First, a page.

On the occasion of the impending execution of murderer Eric Wrinkles, the Roman Catholic bishop for the Diocese of Evansville, where the crime took place, offers his thoughts on capital punishment and the protection of society:
Capital punishment demands the life of the criminal to protect the members of society. On the "frontier" many years ago, execution provided quick and final justice. That may have been necessary then, as there were no means to separate the criminal from society for a lifetime.
Frontier justice employs various means for killing criminals including hanging, firing squad, gas chamber or lethal injection. Death was inevitable. Society was protected.
It seems that we are still invoking frontier justice. Indiana is no longer the frontier. The state is able to protect its citizens from murderous criminals by separating them from society by sentencing them to life imprisonment without the possibility of parole.
However, one cannot ignore the reality that deep within the human being there is somehow a "blood lust" as ancient as human kind. Executions were made a public spectacle so as to teach a lesson, or worse were to satisfy base instincts for vengeance and retribution. They somehow gave approval, even applauded, the base instinct of hatred arising from ignorance and fear.
Ironically, executions are sanitized and are accomplished virtually in secret.
It's an undeniable point, I think, that capital punishment as it is carried out today is not a deterrent (except for the deterring of the particular individual subjected to the execution). "Frontier justice" did deter, because it was brutal, swift, sure and public. Today, capital punishment is slow, uncertain and, as the bishop points out, sanitized and virtually secret. Given my age, I'd die in prison before execution if I decided to commit murder.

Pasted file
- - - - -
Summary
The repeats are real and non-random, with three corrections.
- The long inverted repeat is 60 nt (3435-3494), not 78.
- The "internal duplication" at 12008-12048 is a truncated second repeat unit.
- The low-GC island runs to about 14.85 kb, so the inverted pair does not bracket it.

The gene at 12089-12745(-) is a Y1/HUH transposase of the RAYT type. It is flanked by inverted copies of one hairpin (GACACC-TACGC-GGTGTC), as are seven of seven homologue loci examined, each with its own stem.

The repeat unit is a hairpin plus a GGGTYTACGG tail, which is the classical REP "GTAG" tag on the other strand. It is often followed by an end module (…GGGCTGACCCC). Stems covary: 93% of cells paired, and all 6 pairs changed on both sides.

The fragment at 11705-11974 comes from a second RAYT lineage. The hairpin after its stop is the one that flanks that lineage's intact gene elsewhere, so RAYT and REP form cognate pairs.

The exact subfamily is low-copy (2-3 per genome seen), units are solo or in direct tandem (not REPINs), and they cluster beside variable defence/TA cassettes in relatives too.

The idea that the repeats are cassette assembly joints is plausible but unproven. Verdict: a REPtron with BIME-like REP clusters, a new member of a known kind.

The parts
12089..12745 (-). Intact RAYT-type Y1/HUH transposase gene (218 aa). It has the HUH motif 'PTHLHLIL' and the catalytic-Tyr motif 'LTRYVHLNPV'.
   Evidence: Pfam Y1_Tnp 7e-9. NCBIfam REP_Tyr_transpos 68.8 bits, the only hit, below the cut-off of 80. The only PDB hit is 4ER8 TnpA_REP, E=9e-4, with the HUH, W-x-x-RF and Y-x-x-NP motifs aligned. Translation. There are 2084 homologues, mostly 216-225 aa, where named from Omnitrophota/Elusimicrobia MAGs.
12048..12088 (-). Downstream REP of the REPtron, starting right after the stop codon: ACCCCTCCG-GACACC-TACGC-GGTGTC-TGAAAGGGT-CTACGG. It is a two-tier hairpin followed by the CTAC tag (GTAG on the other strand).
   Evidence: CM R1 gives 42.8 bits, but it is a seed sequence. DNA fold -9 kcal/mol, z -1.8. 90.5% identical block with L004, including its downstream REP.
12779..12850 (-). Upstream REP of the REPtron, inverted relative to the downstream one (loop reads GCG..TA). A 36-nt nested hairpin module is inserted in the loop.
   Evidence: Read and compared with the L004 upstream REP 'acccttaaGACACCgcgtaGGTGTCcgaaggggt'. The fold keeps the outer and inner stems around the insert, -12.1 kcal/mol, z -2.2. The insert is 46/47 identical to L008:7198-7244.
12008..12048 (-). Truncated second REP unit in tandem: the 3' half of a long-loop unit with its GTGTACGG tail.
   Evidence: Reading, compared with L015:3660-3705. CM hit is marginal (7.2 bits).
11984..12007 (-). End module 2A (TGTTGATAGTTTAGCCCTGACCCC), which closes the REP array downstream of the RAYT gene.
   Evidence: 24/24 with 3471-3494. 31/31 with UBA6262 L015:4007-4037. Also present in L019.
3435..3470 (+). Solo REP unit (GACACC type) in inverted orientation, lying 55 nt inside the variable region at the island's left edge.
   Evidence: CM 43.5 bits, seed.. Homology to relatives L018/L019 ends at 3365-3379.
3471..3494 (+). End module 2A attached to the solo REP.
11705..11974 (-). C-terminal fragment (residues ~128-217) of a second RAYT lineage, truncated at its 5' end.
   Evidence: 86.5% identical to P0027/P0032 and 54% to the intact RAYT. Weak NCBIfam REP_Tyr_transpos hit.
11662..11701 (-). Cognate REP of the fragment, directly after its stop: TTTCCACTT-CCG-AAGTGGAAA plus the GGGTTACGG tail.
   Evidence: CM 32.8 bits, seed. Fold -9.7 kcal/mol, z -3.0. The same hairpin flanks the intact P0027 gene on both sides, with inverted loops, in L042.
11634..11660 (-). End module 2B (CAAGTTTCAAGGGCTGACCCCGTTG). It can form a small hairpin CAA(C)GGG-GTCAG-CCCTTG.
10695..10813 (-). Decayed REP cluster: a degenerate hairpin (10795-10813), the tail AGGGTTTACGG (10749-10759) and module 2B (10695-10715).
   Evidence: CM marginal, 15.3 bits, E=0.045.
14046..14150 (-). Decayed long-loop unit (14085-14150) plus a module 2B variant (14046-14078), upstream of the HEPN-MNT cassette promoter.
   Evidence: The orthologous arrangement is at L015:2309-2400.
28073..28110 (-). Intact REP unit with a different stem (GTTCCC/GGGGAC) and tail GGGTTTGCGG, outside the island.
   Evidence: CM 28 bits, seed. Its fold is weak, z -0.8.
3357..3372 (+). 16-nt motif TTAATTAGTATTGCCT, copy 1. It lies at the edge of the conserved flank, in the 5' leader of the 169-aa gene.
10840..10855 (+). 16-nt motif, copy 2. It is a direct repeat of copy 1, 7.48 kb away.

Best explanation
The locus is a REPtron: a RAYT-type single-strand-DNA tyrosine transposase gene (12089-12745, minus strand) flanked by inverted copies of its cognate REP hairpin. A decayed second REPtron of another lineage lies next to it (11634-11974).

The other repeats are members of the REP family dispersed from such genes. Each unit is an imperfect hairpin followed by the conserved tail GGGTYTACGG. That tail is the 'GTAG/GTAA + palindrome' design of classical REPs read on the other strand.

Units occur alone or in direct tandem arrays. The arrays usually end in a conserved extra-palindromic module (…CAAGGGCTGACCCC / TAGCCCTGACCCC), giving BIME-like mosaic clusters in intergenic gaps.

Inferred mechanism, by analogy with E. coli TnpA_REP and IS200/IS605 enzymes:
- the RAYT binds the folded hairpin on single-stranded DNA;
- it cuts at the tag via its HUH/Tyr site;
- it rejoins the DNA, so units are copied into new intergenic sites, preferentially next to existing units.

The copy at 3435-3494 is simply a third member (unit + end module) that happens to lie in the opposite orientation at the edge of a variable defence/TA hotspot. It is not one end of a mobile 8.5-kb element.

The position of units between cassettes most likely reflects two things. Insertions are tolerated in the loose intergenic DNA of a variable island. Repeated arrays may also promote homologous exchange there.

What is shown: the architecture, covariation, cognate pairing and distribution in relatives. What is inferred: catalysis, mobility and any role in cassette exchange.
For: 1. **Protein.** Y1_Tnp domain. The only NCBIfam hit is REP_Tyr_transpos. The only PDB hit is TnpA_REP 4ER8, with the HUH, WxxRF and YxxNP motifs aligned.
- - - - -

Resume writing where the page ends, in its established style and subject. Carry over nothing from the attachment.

So, do we want to make it a deterrent again? William F. Buckley once said something to the effect that we could easily end marijuana use (or maybe it was drug use in general) in this country -- just take every 10th user and execute them publically. However, he added, would we really want to live in a country like that?
In the absence of deterrence, can capital punishment still be justified? Anyone who has read this blog over the years knows I've been hot and cold on that issue. For the record, I think Indiana handles it pretty well, reserving it for the worst of the worst among murderers; there have to be additional circumstances beyond mere murder for someone to qualify. But should anyone qualify, given that life without parole is available? If we remove the ultimate punishment from the equation, is that the same as saying there is no ultimate crime, and does society want to say that?